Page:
I’ve been through some very dramatic life altering changes over the last six years; from learning that I’m a sexual submissive, leaving an emotionally & verbally abusive marriage (on both our parts), and learning that I’m strong enough to get through any obstacle. I agree; that whole quadriplegic/chemotherapy incident at 17 should’ve taught me that lesson. But, that’s a story for another time, my friends.
In 2011, I began a memoir for a class. It started out as a writing prompt and became a journey to heal from my childhood. My original work was from a place of anger, pain, and hatred. I’ll be honest and admit that there are still times when those are my feelings with regard to the situations. However, I realized if I’m ever going to achieve the thing that I want the most then I have to look at the past through other perspectives than my own.
As an adult survivor of childhood abuse, I have wanted nothing more than the unconditional of my parents since I was 16. During that time I was placed in foster care; eventually ending up in a group home, then returning to my parents when my quadriplegia occurred. All this time, I’ve felt like my mother never loved me; she chose my abusive father over me. Over the years, I’ve tried to talk to her about the things that occurred in the past.Her go-to answer, “You’re an adult; just get over it. You can’t go around blaming all of your problems on me.”
What my mother never understood is that I always blamed myself for the things that occurred when I was growing up. I knew that it was wrong for my father to beat me and that that wasn’t my fault. What I couldn’t understand was why my mother never loved me and my father stopped loving me. I’m beginning to understand that my experiences aren’t the entire picture of my childhood; my sister’s experiences aren’t the same as my own. We all had a role to play; sometimes by choice, but other times the roles were thrust upon us.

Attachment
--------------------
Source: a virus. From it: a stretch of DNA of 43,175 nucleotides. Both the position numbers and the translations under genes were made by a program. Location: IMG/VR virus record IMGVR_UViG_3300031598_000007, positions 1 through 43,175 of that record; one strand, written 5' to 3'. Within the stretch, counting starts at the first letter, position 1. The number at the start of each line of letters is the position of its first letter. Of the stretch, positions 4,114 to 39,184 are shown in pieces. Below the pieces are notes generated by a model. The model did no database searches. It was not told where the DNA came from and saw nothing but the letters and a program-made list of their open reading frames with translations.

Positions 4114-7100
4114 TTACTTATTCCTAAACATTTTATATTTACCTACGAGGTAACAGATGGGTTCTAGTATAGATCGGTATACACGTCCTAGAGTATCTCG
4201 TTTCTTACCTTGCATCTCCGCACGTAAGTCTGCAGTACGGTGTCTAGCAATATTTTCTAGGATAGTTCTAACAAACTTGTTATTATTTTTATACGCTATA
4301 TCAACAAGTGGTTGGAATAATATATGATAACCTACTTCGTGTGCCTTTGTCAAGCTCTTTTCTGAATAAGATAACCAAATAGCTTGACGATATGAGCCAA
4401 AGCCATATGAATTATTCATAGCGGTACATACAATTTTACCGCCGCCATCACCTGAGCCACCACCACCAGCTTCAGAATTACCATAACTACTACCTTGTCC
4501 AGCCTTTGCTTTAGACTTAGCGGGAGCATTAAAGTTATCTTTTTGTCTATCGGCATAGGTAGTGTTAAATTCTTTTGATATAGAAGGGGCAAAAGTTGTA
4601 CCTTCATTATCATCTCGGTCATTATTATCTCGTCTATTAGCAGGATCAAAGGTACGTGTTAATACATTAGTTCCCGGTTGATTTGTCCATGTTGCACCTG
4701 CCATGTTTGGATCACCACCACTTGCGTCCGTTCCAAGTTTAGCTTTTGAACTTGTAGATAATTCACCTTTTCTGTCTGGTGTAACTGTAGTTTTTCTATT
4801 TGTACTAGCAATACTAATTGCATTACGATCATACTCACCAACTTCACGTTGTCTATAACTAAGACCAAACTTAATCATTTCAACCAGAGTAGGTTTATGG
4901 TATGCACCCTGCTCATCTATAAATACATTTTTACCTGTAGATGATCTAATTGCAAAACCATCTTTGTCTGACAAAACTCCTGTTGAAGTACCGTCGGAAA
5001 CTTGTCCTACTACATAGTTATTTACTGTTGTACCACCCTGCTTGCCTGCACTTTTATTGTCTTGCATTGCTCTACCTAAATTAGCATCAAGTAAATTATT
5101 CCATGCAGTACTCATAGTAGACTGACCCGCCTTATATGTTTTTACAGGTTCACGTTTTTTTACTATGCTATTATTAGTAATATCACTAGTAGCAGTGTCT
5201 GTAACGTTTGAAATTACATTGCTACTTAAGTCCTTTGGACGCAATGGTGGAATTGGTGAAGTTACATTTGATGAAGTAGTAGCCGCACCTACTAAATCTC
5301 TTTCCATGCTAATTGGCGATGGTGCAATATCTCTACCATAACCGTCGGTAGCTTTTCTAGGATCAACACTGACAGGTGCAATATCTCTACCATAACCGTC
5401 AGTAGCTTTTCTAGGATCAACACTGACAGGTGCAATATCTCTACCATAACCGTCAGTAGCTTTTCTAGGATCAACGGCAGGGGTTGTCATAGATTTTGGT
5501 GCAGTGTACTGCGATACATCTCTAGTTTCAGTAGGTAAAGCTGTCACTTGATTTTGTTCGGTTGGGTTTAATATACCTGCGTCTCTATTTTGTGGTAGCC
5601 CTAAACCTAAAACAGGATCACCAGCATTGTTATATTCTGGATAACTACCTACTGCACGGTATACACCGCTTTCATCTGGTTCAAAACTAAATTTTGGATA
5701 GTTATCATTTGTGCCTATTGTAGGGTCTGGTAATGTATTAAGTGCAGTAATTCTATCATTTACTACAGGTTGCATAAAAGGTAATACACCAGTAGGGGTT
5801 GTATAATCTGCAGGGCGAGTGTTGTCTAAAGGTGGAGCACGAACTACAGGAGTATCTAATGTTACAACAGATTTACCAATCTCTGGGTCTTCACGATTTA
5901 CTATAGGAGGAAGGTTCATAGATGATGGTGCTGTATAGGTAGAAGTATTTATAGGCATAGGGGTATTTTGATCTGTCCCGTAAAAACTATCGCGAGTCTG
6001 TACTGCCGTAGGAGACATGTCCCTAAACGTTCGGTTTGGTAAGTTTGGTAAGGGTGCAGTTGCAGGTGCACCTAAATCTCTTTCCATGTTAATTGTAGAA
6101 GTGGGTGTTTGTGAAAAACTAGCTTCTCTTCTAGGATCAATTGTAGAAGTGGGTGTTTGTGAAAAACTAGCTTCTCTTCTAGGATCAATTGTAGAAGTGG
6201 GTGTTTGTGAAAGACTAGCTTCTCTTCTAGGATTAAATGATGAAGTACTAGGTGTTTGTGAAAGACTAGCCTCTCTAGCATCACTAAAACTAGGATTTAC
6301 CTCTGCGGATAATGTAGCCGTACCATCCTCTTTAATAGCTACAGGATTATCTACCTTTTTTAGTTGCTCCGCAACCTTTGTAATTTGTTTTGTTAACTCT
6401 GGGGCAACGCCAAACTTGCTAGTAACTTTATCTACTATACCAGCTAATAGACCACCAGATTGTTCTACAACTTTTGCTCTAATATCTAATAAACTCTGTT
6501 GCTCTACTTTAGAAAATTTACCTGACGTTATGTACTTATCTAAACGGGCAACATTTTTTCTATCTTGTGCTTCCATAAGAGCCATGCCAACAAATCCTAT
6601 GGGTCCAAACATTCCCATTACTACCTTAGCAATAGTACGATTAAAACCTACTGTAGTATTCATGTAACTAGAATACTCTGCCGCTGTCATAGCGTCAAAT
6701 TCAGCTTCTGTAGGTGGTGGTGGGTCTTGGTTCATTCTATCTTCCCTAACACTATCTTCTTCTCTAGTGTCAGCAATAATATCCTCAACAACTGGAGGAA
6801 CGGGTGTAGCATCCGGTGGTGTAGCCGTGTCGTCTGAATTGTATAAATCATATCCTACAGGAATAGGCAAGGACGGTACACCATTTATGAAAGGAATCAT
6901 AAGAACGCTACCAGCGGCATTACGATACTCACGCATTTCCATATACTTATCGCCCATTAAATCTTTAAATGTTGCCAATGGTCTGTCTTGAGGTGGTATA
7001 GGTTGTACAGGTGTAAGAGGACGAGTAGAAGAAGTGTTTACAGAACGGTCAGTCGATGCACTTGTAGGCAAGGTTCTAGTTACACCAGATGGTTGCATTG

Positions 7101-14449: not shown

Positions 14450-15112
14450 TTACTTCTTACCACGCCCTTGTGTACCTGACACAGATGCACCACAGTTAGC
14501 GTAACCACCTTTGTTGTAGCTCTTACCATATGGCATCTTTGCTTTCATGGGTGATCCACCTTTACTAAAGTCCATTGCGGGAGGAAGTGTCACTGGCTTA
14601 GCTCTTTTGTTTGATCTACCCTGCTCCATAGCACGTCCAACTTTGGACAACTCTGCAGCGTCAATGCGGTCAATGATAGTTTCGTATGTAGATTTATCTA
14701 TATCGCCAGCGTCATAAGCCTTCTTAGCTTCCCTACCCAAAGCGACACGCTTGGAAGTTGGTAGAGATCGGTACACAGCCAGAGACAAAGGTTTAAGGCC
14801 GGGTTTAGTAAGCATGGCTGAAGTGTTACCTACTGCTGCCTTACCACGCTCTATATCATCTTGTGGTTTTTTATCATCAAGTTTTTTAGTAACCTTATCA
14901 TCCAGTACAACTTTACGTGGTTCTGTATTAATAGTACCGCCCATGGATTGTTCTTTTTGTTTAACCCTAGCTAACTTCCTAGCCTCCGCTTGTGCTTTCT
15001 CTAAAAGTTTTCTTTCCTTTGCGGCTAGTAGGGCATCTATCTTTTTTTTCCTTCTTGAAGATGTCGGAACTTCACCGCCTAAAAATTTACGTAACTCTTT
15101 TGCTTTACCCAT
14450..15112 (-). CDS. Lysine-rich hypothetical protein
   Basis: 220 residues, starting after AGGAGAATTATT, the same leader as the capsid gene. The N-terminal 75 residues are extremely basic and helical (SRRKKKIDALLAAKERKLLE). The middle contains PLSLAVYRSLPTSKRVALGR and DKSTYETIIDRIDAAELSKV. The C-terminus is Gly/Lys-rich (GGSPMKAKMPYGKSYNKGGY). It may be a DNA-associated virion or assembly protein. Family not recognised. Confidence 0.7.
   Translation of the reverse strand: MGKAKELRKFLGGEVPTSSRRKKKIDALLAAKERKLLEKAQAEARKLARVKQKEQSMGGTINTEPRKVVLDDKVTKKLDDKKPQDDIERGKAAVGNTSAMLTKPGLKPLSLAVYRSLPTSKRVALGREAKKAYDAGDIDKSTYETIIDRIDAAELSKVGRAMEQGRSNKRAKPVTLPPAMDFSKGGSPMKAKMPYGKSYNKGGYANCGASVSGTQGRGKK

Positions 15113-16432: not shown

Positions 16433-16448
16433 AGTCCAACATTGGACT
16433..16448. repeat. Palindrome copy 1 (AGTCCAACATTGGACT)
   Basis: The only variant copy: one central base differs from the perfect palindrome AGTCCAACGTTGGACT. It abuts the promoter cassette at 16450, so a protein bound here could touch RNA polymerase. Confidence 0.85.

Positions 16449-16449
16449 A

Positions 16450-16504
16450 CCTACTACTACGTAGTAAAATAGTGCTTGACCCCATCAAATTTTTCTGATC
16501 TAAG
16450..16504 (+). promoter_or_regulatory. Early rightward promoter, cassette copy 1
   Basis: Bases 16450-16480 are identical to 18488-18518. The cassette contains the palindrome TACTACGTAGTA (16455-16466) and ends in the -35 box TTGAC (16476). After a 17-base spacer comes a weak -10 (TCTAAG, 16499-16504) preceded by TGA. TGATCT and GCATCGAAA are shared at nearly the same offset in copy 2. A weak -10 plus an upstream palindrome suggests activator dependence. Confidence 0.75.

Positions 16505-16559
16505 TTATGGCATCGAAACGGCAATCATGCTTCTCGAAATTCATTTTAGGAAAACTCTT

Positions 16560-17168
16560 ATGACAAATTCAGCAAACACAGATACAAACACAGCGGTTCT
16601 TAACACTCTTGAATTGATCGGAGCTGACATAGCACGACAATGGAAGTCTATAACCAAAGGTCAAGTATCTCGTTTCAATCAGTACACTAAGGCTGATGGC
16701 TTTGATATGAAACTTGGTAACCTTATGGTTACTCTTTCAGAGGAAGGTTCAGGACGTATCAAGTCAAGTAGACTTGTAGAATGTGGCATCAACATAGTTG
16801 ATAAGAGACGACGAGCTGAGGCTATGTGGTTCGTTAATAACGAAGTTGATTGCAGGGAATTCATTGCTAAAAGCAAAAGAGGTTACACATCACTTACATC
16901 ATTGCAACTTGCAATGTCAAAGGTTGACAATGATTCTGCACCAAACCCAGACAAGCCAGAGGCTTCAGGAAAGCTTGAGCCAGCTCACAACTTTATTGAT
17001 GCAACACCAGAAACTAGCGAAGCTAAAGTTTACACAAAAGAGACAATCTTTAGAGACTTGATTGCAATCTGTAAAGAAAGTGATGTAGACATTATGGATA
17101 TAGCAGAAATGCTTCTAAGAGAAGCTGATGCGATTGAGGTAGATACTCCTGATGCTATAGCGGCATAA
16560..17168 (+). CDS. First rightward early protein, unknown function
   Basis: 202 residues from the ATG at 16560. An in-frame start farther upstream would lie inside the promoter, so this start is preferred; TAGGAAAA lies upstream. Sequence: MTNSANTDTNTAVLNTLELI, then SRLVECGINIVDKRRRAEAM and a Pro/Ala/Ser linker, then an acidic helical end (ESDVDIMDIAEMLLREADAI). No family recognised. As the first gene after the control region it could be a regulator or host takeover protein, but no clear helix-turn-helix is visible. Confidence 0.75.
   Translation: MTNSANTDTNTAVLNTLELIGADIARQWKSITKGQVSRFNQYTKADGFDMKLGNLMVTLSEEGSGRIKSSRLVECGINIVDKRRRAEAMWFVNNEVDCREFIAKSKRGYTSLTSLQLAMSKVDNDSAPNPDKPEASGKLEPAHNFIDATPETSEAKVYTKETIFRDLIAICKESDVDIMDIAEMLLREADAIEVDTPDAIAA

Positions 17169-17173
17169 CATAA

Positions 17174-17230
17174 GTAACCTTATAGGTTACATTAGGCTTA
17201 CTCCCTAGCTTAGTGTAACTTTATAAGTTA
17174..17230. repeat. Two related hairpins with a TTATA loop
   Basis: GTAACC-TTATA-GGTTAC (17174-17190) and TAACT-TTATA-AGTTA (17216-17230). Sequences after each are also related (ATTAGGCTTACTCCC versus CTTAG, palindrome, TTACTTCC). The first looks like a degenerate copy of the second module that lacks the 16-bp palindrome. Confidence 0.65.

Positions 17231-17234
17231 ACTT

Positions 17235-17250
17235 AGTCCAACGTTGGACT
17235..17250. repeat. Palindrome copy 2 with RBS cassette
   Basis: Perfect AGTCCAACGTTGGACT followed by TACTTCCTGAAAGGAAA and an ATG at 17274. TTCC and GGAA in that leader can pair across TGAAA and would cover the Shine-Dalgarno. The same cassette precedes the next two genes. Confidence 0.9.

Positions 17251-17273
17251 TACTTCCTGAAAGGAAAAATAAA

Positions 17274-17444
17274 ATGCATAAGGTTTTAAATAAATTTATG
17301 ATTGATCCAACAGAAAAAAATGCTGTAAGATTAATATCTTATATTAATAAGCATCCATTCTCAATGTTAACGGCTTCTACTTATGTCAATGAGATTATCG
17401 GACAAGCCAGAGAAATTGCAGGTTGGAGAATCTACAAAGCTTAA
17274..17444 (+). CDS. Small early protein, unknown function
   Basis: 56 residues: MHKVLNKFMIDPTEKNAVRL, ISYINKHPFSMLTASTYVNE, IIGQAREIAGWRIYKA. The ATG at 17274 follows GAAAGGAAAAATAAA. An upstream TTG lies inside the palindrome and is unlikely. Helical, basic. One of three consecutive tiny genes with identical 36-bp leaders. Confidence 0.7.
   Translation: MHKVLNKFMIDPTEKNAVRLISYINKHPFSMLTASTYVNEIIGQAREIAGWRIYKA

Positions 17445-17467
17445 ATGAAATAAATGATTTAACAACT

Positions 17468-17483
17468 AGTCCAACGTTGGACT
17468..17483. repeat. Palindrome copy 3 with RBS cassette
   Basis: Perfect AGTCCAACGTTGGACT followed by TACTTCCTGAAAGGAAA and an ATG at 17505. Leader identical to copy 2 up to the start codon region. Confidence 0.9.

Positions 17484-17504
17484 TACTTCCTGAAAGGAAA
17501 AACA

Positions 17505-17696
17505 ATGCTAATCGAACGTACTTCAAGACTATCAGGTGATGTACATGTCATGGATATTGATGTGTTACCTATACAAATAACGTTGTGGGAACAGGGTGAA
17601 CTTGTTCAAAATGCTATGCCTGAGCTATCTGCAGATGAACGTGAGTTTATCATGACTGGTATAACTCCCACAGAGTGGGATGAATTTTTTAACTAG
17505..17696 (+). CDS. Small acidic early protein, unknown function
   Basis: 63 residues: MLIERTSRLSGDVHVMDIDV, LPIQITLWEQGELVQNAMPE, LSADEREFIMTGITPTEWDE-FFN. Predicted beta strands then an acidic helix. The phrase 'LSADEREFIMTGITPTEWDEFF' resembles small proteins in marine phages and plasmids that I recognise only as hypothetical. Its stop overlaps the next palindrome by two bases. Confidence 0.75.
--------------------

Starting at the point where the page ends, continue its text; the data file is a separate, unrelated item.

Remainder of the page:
Since September 26, 2015, I’ve been getting to know my mother as a person, a woman, an entity outside of our relationship. In some ways, I’m re-learning how to love her. Don’t get me wrong, I’ve always loved my mother. I loved her in the way a child learns to love a parent. To this day, my mother has no idea how much I’ve craved her affection. As children, we forget that our parents aren’t perfect. Well, I wanted her to live up to the ideals that I had of how a mother should behave.
I always knew my mom had the potential to be a good mother. She and my sister have always had a really close bond. When things started to go horribly wrong with my father and my relationship; I attempted to reach out to my mother. I wanted to create a connection. Unfortunately, no matter what I did she excluded me from it. I saw this as confirmation of my belief that she hated me. Recently, I learned that my mother didn’t think I really loved her.I learned that part of the reason my mother stayed married to my father is because of the interaction I had with that woman at church.When I was around 4 or 5, a woman came up to me at church and said that I looked like my mother. I responded that indeed I did NOT, and I was my “daddy’s girl”.
I have an eidetic memory~which is pretty much a fancy way of saying; when I go to recall a memory I literally see a picture of it in my mind. Normally, it’s a really great thing to have. I’m sure it’s what’s made learning all the languages I’ve studied easier. I also have Hyperthesmia~ which is the ability to recall almost every day of my life in near perfect detail, as well as public events that hold some personal significance to me. If the events are positive then no harm, no foul. If the memory involves being chased down and being beaten with a wooden Louisville Slugger bat; it sucks to be able to remember every detail of the event. It’s part of the reason it’s taken so long for me to heal.
I’ve always used this blog as a way to communicate openly and honestly about my life. I’ve always known that I’m not the only person who is facing this distasteful and arduous battle. I’m well versed in the tools of survival. I know there are teens out there in abusive situations, and adult survivors that are still on their own journey to find reconciliation, and love for themselves and their families. If I can be a voice for those who are still too afraid to speak, or a light for a soul that has lost their way, then I will have done something remarkable.
Over the next year, plan to use this blog as a sounding board, a way to clear my head, re-write previous memoir materials, and of course, a place of support for others previously and currently trying to overcome abusive situations.
Drop me a line if you have any questions….